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Amazing Island Nature: the Elegant Orchid

March 9, 2015

Tropical islands, from the Caribbean to Tahiti, burst with gorgeous natural beauty, especially when it comes to flowers. Bougainvillea, yellow allamanda, red hibiscus, and a slew of other graceful blossoms decorate island landscapes and make us stop and appreciate just how miraculous nature is. A perennial favorite with the Island Runaways duo? That would be orchids.

(Phalaenopsis orchid in bloom. Photo (c) Zickie Allgrove.)

 

Yes, orchids bloom on the mainland, too. But there's nothing quite like appreciating orchids on a tropical island, when you're already surrounded by vibrant, lush palms with a shoreline of stunningly clear ocean.

(A blue-ish, purple vanda. Photo by Walter, Flickr.)

 

Orchidaceae, to give them their "proper" name contain over 20,000 species. There are far too many to begin to dive into describing them here. While orchids grow wild in the islands, there are people who carefully cultivate the plants, and create new hybrids. Zickie and I once visited an orchid grower in Kingston, Jamaica named Claude Hamilton, and were intrigued by the hybrids we'd never seen before. In fact, Zickie's home island has its own Jamaica Orchid Society with monthly meetings.

(Orchid at Green Castle Estate, Jamaica. Photo by Alfred Moya, Flickr.)

 

On the Hawaiian islands, flower leis are often made from dendrobium orchids. The tradition of leis first arrived in Hawaii with voyagers from the South Pacific islands, and became part of the Hawaiian culture. It's considered correct etiquette always to accept a lei if someone offers one. (Have you ever received an orchid lei? I haven't, at least not yet.)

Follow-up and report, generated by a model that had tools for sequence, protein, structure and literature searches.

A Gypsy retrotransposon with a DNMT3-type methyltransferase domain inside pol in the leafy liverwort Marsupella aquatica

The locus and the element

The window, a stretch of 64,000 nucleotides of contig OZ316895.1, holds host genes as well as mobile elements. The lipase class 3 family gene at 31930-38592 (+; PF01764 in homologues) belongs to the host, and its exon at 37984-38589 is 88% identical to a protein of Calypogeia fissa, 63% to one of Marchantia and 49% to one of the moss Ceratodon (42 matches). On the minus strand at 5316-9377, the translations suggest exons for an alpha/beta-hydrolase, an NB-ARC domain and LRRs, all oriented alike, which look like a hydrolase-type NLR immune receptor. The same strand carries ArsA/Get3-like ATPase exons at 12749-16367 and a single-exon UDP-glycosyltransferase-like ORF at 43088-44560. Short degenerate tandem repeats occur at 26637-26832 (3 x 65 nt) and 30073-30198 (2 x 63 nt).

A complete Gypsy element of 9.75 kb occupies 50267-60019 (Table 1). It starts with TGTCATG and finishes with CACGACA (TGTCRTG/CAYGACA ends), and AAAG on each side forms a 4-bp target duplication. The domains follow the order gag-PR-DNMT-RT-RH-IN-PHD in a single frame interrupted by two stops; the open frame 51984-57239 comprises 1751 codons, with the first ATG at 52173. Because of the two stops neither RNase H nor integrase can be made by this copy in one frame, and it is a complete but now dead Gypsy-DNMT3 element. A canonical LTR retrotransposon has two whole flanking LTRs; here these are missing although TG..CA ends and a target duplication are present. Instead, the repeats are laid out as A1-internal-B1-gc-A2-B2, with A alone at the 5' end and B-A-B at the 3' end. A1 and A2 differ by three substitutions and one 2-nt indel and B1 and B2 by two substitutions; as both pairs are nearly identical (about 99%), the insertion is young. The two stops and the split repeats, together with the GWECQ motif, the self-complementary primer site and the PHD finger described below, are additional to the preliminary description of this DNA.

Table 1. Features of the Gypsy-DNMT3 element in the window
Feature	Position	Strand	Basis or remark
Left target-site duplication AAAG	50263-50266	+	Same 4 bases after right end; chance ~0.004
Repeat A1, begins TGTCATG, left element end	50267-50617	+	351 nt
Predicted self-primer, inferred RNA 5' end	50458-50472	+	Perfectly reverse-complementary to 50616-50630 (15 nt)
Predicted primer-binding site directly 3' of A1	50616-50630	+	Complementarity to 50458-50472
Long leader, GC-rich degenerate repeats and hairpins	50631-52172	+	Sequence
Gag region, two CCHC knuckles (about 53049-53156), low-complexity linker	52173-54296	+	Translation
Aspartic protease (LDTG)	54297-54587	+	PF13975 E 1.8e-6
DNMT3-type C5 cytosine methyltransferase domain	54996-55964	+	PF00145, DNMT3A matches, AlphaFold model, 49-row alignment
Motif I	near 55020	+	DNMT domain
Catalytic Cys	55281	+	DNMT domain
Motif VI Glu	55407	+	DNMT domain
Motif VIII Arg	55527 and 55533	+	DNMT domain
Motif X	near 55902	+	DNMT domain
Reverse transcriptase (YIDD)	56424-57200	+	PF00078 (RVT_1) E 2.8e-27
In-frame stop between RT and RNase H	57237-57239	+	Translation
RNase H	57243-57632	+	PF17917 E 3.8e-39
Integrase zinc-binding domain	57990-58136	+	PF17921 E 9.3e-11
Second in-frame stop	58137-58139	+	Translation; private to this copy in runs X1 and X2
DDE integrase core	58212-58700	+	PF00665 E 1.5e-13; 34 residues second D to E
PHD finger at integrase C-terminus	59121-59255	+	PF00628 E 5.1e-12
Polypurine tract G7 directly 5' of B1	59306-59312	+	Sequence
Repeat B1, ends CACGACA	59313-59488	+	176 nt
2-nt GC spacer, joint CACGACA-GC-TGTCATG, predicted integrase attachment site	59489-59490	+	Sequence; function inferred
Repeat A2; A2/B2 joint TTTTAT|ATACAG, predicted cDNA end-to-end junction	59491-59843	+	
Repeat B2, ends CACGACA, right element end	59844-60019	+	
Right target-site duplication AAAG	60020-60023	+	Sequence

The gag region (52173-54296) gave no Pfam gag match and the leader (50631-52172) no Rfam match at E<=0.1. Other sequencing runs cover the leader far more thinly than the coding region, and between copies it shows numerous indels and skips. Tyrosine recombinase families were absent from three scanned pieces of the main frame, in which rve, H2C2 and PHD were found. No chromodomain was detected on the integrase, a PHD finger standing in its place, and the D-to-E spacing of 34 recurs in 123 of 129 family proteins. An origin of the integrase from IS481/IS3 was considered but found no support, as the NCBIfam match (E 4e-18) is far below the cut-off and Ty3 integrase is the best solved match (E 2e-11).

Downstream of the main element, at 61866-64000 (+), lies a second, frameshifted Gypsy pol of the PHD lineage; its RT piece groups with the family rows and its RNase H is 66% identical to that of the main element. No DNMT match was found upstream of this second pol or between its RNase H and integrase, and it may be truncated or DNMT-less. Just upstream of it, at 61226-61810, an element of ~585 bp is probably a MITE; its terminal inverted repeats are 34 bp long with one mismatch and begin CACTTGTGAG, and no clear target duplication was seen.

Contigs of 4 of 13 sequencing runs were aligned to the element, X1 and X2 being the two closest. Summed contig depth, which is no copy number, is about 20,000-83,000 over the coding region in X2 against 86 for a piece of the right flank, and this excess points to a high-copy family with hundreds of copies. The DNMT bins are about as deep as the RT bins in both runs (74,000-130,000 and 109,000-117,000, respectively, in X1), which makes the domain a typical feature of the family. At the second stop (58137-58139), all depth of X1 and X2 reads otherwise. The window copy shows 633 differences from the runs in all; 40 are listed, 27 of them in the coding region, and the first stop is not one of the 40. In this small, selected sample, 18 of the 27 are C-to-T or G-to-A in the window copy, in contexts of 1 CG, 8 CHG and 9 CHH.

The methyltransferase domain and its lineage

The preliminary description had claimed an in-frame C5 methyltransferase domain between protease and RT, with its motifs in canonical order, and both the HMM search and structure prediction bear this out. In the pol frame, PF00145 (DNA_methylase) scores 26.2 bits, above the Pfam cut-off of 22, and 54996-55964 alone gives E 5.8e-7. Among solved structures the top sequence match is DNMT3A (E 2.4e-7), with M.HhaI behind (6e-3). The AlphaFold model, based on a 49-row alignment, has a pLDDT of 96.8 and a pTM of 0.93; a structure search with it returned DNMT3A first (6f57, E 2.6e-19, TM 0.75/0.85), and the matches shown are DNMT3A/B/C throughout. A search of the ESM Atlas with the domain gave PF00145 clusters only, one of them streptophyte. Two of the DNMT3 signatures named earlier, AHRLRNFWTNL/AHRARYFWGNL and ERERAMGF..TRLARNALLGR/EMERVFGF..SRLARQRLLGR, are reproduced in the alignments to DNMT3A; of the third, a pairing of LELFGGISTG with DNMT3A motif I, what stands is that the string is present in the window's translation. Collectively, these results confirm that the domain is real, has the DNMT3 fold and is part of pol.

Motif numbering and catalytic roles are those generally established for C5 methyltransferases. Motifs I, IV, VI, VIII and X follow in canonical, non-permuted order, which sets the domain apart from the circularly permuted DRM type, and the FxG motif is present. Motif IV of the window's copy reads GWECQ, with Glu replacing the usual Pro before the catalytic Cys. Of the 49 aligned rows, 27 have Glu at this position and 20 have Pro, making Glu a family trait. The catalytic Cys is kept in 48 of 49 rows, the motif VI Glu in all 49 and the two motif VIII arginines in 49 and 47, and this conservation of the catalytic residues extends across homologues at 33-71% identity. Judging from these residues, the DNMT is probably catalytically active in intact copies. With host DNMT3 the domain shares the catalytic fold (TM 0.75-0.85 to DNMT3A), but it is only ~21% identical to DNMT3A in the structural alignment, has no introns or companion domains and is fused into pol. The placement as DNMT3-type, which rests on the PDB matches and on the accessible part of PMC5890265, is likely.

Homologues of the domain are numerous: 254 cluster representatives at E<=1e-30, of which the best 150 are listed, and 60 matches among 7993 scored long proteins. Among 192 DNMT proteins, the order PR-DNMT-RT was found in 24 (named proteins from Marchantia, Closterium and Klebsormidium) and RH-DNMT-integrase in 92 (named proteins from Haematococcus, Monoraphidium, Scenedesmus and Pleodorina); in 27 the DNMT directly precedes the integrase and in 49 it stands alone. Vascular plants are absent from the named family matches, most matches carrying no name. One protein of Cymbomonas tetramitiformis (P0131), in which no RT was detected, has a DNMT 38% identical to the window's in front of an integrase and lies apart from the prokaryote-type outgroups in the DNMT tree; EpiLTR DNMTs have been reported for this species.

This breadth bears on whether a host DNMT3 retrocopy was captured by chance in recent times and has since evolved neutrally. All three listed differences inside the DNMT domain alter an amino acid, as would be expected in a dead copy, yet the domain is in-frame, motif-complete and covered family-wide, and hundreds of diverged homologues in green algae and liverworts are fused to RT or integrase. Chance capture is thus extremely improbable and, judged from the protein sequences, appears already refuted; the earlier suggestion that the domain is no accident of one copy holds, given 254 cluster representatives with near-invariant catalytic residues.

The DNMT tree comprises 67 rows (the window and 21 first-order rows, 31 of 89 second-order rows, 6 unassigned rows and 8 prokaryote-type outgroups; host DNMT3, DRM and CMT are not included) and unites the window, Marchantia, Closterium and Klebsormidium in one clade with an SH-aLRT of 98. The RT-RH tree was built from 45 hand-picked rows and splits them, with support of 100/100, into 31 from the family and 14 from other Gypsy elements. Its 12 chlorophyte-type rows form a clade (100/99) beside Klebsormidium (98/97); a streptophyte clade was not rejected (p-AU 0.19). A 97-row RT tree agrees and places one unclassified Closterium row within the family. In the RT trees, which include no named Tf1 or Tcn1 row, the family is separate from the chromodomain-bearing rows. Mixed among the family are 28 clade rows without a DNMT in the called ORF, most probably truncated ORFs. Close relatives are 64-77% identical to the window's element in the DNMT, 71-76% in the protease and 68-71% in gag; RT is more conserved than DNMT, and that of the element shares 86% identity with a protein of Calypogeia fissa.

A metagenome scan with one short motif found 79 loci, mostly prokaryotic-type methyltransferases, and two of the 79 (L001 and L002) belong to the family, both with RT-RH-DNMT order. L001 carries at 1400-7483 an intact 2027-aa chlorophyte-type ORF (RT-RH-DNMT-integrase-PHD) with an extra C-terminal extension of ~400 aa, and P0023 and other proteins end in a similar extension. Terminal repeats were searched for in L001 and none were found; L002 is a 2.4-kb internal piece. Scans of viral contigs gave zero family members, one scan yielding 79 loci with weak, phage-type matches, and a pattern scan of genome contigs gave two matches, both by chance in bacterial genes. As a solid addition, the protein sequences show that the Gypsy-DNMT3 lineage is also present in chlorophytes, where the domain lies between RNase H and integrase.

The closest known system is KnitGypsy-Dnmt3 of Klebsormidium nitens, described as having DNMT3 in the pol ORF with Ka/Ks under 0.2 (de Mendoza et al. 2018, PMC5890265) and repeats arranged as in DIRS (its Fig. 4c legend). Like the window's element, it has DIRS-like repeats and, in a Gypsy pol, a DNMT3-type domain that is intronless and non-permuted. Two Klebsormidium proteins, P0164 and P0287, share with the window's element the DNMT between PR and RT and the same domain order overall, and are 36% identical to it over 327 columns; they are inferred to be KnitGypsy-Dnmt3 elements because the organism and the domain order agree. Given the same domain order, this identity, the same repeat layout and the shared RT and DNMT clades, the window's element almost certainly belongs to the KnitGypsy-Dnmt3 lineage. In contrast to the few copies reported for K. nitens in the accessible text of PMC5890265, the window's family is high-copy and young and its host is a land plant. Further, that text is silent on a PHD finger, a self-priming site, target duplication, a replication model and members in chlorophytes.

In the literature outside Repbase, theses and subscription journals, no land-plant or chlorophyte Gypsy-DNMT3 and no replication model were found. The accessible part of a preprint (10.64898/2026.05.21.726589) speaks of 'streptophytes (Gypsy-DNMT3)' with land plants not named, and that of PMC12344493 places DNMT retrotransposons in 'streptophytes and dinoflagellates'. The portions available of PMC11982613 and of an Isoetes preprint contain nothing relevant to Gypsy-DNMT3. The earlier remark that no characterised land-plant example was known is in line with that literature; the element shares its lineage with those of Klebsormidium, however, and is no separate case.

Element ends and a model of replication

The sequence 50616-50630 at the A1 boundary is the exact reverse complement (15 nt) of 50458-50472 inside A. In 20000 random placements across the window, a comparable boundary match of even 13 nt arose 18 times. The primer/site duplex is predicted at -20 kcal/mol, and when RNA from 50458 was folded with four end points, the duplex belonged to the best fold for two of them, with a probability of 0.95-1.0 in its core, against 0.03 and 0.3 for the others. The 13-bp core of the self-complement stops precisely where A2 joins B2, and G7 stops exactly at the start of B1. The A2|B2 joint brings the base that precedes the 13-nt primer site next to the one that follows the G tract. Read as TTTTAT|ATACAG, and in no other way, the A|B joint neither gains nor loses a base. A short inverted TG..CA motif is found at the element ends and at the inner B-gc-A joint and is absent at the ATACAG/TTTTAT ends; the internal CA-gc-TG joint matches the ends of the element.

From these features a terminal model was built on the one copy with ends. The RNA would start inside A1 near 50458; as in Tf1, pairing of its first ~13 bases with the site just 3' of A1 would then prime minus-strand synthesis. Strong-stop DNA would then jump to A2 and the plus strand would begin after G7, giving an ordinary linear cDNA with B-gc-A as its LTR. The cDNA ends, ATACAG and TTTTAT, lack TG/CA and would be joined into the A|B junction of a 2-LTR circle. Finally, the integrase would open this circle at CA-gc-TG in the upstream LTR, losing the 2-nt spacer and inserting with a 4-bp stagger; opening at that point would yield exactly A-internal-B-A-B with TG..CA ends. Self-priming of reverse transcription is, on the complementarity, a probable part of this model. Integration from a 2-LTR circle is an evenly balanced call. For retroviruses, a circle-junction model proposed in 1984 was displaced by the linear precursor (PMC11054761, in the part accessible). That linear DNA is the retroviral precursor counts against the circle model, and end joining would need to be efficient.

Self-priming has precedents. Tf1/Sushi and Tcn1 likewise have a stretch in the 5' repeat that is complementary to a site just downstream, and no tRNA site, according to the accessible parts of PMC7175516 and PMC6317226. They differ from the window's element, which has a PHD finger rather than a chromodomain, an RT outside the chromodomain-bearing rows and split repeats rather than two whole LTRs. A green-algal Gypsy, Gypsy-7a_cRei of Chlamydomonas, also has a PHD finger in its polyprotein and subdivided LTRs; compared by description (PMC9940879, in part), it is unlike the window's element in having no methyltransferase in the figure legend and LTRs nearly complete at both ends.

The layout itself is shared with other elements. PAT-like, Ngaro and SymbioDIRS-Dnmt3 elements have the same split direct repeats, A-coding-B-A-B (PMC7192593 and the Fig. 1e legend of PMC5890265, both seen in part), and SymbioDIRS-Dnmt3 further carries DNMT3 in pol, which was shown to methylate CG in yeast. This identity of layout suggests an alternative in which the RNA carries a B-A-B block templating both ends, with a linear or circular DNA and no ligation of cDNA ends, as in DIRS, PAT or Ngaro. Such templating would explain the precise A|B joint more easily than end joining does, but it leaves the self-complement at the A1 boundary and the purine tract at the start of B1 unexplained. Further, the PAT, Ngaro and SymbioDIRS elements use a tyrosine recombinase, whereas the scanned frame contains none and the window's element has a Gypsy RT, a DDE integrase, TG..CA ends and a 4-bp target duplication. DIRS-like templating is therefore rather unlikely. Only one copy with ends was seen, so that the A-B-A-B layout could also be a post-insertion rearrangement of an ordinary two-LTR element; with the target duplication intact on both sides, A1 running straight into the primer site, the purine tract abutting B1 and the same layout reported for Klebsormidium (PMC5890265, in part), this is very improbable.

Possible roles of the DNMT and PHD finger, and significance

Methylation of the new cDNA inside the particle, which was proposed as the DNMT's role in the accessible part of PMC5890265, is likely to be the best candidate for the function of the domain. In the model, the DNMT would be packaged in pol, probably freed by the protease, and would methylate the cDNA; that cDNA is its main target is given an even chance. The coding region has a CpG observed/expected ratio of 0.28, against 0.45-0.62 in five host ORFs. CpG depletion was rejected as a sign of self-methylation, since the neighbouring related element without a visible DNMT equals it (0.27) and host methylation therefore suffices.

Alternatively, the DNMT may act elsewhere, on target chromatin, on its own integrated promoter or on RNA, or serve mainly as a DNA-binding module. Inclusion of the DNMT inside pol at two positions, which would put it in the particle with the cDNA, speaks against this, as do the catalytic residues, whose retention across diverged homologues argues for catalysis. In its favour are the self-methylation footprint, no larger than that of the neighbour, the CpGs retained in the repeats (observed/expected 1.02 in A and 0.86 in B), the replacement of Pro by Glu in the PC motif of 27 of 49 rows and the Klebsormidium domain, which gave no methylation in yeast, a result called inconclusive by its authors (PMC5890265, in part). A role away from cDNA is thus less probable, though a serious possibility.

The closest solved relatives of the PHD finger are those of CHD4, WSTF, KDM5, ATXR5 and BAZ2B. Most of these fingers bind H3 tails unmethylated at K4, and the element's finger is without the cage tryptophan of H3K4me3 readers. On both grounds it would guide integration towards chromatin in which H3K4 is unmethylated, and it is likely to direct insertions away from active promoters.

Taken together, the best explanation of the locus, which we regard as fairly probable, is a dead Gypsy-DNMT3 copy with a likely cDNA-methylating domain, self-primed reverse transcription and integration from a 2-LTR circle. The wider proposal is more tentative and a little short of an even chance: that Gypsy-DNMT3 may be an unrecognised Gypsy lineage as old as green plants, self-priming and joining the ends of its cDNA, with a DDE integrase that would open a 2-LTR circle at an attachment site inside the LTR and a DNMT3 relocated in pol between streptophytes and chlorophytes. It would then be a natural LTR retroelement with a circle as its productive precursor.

(Dendrobium lei in Oahu, Hawaii. Photo by Calsidyrose, Flickr.)

 

One Caribbean attraction orchid lovers might want to visit? That would be Orchid World on Barbados. This garden has about 30,000 orchids -- a number which is almost hard to fathom.

(Spotted orchid at Orchid World in Barbados. Photo by Thérèse Yarde, Flickr.)

 

In southeast Florida at Island Runaways headquarters we have four phalaenopsis, which seem to be the most common orchids you find for sale in the United States, and one vanda.

(Island Runaways' orchid in bloom. Photo (c) Zickie Allgrove.)

 

In this warm, tropical climate it doesn't necessarily take much skill to grow these graceful plants. I have more respect for orchid aficionados who manage to make orchids flourish inside apartments and houses in colder climes. That's real dedication!

 

We can't resist ooahing and aahing over orchids, no matter which island we're visiting. On our trip to Guadeloupe, the Botanical Garden of Deshaies displayed some truly lovely examples. But the most exciting orchid sighting in the Caribbean? When you're simply walking along through a nature trail and spot a flowering orchid plant thriving on a tree's trunk, unheralded and not for sale, just a wild, beautiful thing.

 


We've enjoyed starting the week with a look at just one of the treasures you can find on your island travels. Do you have a particular tropical flower that you especially love?

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